While this one may not be so popular among vegans (and we fully respect your decision), we can’t ignore the power of bee products in boosting immunity. From the more common honey to the rarest of propolis, the bee kingdom has an abundance of natural miracles to offer:

                1. Honey: A traditional home-remedy for any kind of fluey ailment, the soothing and anti-microbial properties of honey help line the throat and kill any invaders in the mouth.
                2. Bee Pollen: Known as a complete survival food, the power of pollen lies in its nutritional diversity. Because one bottle of this bee magic is made from the pollen of hundreds of different species of flowers, each with its own amino-acid profile, it’s a nutrient dream packed with the widest variety of plant proteins of any food. If you’re super lucky you’ll find something called ‘bee bread’ which is the pre-digested form of pollen that the bees have fermented inside the hive.
                3. Propolis: This is a sticky black resin that bees lay down at the entrance of their hives and pack in any cracks to keep invaders out. As it enters, each bee rubs itself on the layer of resin coating the entrance. This functions as an anti-bacterial/fungal/viral bath, killing any pathogens they may have picked up. Propolis is made from a combination of tree resins, pollen and honey and makes a potent pathogen killer for humans, too. You can pick up propolis tinctures in most health shops.

                 

                8. Make sure you are getting at least 8 hours of sleep every night.

                  Yep, beauty sleep  -it’s essential, now more than ever.
                  When we’re asleep, our bodies work on all the internal stuff that needs to be done, our cells are repaired, and our subconscious processes our feelings and fears - as well as our memories for the day. Studies have shown that people who don’t get enough sleep are more likely to get sick after being exposed to a virus,so duvet up!

                  9. Make important and basic lifestyle changes

                  Before going into all the magical natural ways of boosting immunity and detoxifying the respiratory tract, let;s cover the basics:

                  - Avoid/Stop Smoking 

                  If you’re a smoker, you should probably stop. That easy, right?

                  Coronavirus affects our upper respiratory system, and stopping smoking will put you (and those around you) at a major advantage, not just with COVID-19 but with prevention of cancer as well as increasing life expectancy and helping the planet.
                  Besides all that, smoking has been proven to not just lower our immune system responses but also increase risk of infection. (Arcavi and Benowitz, 2004)

                   

                  -Don’t Touch Your Face

                  Yes, we know, this one is everywhere. But for the love of all vegetables, don’t touch your face. The person most likely to infect you with COVID-19 is yourself, because coronavirus infiltrates the body via the respiratory tract.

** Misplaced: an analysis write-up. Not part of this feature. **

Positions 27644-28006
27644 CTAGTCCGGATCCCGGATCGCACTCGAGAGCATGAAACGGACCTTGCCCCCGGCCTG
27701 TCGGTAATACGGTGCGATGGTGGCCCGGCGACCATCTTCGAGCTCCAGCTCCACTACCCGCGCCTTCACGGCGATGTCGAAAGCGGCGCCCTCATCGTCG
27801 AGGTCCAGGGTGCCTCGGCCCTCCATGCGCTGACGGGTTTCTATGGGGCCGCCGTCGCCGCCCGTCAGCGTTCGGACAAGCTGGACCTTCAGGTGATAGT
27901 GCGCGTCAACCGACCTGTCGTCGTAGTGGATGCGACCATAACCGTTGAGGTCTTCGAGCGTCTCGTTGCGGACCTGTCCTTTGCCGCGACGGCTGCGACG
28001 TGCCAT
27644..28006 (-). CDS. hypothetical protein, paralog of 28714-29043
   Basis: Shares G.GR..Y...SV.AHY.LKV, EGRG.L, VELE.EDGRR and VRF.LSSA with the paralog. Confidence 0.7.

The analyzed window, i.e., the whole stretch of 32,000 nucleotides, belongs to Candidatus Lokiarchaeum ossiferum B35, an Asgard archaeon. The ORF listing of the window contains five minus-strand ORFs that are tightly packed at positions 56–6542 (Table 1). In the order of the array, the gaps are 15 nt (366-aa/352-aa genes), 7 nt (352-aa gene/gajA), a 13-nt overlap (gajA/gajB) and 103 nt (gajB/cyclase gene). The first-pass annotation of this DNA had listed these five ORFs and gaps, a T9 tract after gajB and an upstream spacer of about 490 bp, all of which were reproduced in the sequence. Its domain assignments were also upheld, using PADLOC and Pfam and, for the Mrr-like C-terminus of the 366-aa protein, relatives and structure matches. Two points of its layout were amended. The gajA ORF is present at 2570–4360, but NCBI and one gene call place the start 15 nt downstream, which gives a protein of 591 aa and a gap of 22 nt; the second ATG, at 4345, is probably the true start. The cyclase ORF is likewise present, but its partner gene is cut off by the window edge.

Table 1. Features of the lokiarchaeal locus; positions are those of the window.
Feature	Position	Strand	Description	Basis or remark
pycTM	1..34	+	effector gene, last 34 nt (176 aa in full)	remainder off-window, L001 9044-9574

-Don’t Shake Hands
                  Don’t fist bump, don’t even high five. Try to keep your greetings to “no contact”. Alternatively, we can all follow President Cyril Ramaphosa’s advice and practise the “elbow greeting”.

                  -Sanitize Items You Touch Regularly

                  Regularly wipe down frequently used tech devices and other items including:


                  -Mobile phones: We touch our phones more than we touch anything else, they are often laid down on other surfaces, and we put them against our faces. Be sure to wipe your phone down with alcohol REGULARLY.

                   

                  -Computer: Wipe down your keyboard, trackpad and mouse, and if you use a laptop, we suggest wiping down the whole thing (inside and out)

                   

                  -Remote controls

                  -Keys: This is a big one, because we all use keys daily. Give them a wipe at least once a day.

                   

                  **For parents 

                  -Anything your baba can put in their mouth: This includes toys, pens, seatbelt clips etc.

                  -Up  Your Hygiene Game

                  If there’s one thing our parents always told us it’s WASH. YOUR. HANDS. But now we need to become germophobes. Having a strong handwashing game is great, but it shouldn’t stop there. 


                  - Carry hand sanitiser and use it as often as possible, especially after opening doors, before eating, and before and after using your laptop.

                  -Hydrate! Drink lots of water and other liquids to help flush toxins out of your system effectively and efficiently.

                  If plain water isn’t your vibe, here are some things you can do:

                  -Infuse Your Water 

                  Adding citrus to your water not only tastes great but can help alkalise your system and boost vitamin C. If citrus isn’t for you, try adding cucumber to your water and let it sit overnight. This helps fortify the water with electrolytes which can help you stay hydrated (as well as eliminate bad breath!).